The reason why small intestinal cancer is rarer than colorectal cancer is not clear. We hypothesized that intraepithelial lymphocytes (IELs), which are enriched in the small intestine, are the closest immune cells to epithelial cells, exclude tumor cells via cell-to-cell contact.
We developed DPE-GFP x APC mice, which is a T cell-reporter mouse with spontaneous intestinal tumors. We visualized the dynamics of IELs in the intestinal tumor microenvironment and the interaction between IELs and epithelial cells and the roles of cell-to-cell contact in anti-intestinal tumor immunity using a novel in vivo live-imaging system and novel in vitro co-culture system.
In the small intestinal tumor microenvironment, T cell movement was restricted around blood vessels and the frequency of interaction between IELs and epithelial cells was reduced. Genetic deletion of CD103 decreased the frequency of interaction between IELs and epithelial cells and increased the number of small intestinal tumors. In the co-culture system, WT-IELs expanded and infiltrated to intestinal tumor organoids from APC mice and reduced the viability of them, which was cell-to-cell contact and the expression of CD103 on IELs dependent.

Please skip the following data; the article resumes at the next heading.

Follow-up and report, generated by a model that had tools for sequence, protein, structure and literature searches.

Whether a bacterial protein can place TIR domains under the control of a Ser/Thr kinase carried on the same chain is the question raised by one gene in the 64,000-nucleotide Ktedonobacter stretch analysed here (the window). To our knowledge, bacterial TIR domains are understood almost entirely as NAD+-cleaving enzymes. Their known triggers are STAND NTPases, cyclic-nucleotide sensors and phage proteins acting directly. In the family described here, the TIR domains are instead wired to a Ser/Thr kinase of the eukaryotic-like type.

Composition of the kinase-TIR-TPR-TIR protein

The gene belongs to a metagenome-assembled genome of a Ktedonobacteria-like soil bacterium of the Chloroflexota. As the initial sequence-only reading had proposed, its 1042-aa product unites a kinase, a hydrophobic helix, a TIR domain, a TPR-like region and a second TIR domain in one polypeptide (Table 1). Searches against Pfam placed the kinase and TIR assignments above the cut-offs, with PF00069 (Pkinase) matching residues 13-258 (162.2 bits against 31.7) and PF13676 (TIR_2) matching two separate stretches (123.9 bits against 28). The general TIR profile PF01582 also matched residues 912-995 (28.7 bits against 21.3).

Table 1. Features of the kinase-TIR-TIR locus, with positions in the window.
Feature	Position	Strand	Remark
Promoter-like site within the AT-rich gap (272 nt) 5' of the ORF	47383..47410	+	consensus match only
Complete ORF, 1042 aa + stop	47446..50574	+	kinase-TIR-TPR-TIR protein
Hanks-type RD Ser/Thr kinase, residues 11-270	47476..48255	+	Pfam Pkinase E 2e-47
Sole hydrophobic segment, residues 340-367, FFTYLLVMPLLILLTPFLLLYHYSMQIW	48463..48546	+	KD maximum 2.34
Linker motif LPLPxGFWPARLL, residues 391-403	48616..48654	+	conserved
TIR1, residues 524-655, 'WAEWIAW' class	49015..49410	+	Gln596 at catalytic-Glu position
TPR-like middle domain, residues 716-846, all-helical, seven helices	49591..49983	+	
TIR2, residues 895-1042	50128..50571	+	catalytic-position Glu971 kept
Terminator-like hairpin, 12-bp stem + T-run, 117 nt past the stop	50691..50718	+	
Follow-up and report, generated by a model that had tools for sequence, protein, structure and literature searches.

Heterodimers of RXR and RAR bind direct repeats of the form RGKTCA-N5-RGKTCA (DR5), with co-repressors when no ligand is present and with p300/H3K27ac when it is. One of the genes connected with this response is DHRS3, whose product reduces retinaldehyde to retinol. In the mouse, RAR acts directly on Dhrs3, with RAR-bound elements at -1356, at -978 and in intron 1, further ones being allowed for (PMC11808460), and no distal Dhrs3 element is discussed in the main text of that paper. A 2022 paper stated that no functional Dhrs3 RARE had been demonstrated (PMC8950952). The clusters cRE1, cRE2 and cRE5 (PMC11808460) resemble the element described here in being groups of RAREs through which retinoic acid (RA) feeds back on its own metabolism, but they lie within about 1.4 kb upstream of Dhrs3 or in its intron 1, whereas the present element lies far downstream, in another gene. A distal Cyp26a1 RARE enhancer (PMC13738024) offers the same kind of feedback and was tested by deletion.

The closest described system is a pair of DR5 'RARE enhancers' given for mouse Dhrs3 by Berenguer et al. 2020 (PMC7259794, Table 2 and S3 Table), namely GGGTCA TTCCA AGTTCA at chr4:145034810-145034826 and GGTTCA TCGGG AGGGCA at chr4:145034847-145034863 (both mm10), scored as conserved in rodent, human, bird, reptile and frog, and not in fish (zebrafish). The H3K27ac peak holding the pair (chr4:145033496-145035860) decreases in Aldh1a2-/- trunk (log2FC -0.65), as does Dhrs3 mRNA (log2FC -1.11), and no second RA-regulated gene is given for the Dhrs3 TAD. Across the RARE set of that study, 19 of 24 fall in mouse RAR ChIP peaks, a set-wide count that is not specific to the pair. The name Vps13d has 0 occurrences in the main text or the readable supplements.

The abundance of IELs in the small intestine may contribute to a low number of tumors, while this system may not work in the colon because of the sparseness of IELs. Strategies to increase the number of IELs in the colon or enhance cell-to-cell contact between IELs and epithelial cells may be effective for the prevention of intestinal tumors in patients with high cancer risk.